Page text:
By Pamela Largue, Power Engineering International

Microreactors, referred to by some as ‘nuclear batteries,’ are squarely in the spotlight at this year’s POWERGEN International.

Discussions explored the latest technologies, popular applications and the unique business models making them viable.

Four microreactors stood out as trailblazers in the sector:

1 – eVinci Microreactor from Westinghouse Electric Company

It’s a heat pipe reactor that can produce 5MWe with a 13MWth core design. The reactor core is designed to run for eight or more full-power years before refueling.

The reactor is fully factory-assembled and transportable in shipping containers via rail, barge, and truck. Customers will likely be industrial actors and remote communities, with applications ranging from industrial heat and power, military, microgrids, cogeneration and hydrogen production.

The first eVinci microreactor is scheduled to be up and running by 2029.

2 & 3- ZEUS and ODIN from NANO Nuclear Energy

NANO Nuclear Energy is developing ZEUS, a solid core battery reactor, and ODIN, a low-pressure coolant reactor.

The ZEUS microreactor prototype is designed to harness thermal energy for direct heat applications or to convert it into electric power. This allows for diverse applications, ranging from heating to electricity generation.

The ODIN reactor will operate at higher than conventional water-cooled reactor temperatures, which will boost resilience and conversion efficiency in generating electricity.

According to NANO, the ODIN design aims to take advantage of the natural convection of coolant for heat transfer to the power conversion cycle at full power and for decay heat removal during reactor shutdown, operational transients, and off-normal conditions.

Both microreactors use High-Assay, Low-Enriched Uranium (HALEU) fuel, are modular, and are easily transportable.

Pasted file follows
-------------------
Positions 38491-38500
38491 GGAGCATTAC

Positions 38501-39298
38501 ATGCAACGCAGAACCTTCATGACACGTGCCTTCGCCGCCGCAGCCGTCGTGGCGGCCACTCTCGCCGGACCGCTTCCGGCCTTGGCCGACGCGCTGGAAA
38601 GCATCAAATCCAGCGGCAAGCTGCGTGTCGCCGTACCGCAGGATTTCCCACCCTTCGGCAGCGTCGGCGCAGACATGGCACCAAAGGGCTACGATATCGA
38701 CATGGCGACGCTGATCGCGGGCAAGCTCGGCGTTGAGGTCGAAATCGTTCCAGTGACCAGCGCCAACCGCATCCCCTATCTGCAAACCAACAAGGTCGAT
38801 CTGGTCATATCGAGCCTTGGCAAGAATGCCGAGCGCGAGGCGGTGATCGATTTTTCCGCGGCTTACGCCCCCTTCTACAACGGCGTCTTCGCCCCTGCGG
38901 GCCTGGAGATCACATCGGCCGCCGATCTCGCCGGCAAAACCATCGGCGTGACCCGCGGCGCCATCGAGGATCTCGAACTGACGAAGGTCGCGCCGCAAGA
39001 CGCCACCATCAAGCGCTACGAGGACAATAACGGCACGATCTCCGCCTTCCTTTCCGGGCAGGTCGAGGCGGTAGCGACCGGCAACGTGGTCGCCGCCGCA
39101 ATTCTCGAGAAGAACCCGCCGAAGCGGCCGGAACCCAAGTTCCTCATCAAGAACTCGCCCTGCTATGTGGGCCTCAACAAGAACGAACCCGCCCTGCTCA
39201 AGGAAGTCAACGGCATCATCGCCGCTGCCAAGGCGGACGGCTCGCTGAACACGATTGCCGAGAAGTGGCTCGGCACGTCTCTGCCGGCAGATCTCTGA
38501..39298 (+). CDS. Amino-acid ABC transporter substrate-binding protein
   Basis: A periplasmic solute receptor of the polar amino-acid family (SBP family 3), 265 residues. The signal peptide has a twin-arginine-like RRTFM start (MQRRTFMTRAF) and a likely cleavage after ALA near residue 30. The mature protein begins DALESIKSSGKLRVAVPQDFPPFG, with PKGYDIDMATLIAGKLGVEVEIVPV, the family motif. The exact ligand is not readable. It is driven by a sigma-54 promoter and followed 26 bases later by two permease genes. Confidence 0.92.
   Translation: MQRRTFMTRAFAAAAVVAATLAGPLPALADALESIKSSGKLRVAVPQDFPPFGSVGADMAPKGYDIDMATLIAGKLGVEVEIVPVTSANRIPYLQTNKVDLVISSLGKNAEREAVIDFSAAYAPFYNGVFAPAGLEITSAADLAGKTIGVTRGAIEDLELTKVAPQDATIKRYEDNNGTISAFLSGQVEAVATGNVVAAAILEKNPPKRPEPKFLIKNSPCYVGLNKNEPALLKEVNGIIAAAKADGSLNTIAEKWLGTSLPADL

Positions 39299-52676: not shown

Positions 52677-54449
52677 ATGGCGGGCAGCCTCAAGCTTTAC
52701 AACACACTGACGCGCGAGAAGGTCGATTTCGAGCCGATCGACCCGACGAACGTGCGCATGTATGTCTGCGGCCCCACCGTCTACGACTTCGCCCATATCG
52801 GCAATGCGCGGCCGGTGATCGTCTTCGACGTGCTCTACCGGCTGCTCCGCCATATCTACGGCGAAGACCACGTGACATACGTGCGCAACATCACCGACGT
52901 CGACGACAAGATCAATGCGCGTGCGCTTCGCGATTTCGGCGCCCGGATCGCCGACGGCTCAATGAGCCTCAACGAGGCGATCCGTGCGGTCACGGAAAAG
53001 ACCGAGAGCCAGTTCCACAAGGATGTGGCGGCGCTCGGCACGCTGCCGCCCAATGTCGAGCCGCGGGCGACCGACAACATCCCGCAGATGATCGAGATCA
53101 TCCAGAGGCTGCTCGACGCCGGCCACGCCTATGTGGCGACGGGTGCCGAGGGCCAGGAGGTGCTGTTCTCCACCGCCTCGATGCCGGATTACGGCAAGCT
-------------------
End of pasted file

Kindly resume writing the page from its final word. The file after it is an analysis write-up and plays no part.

4 – Micro Modular Reactor (MMR) Energy System from Ultra Safe Nuclear

MMR is a 4th Generation nuclear energy system that is being licensed in Canada and the U.S. and is touted as the first ‘fission battery’ in commercialization.

Ultra Safe Nuclear has established an order book for first users, with demonstration units scheduled for first nuclear power in 2026.

The reactors are being developed for government applications, as well as for use in space and are designed to offer energy security and decarbonization for hard-to-abate sectors, and remote communities.

The reactor is modular and scalable and operates on ceramic-based TRISO fuel.

Big hurdles for micro technology

James Walker, CEO of NANO Nuclear Energy, stated that “nuclear is getting smaller…you could produce potentially thousands of these per year.”

And while this is indeed the case, there are some significant hurdles to overcome before production can increase, said Walker.

These hurdles include:

Microreactors have a way to go before they can take their place in the energy mix. However, what is clear is that they aren’t here to compete with big build nuclear. Their value lies in their niche applications, which is where they can make the biggest impact.

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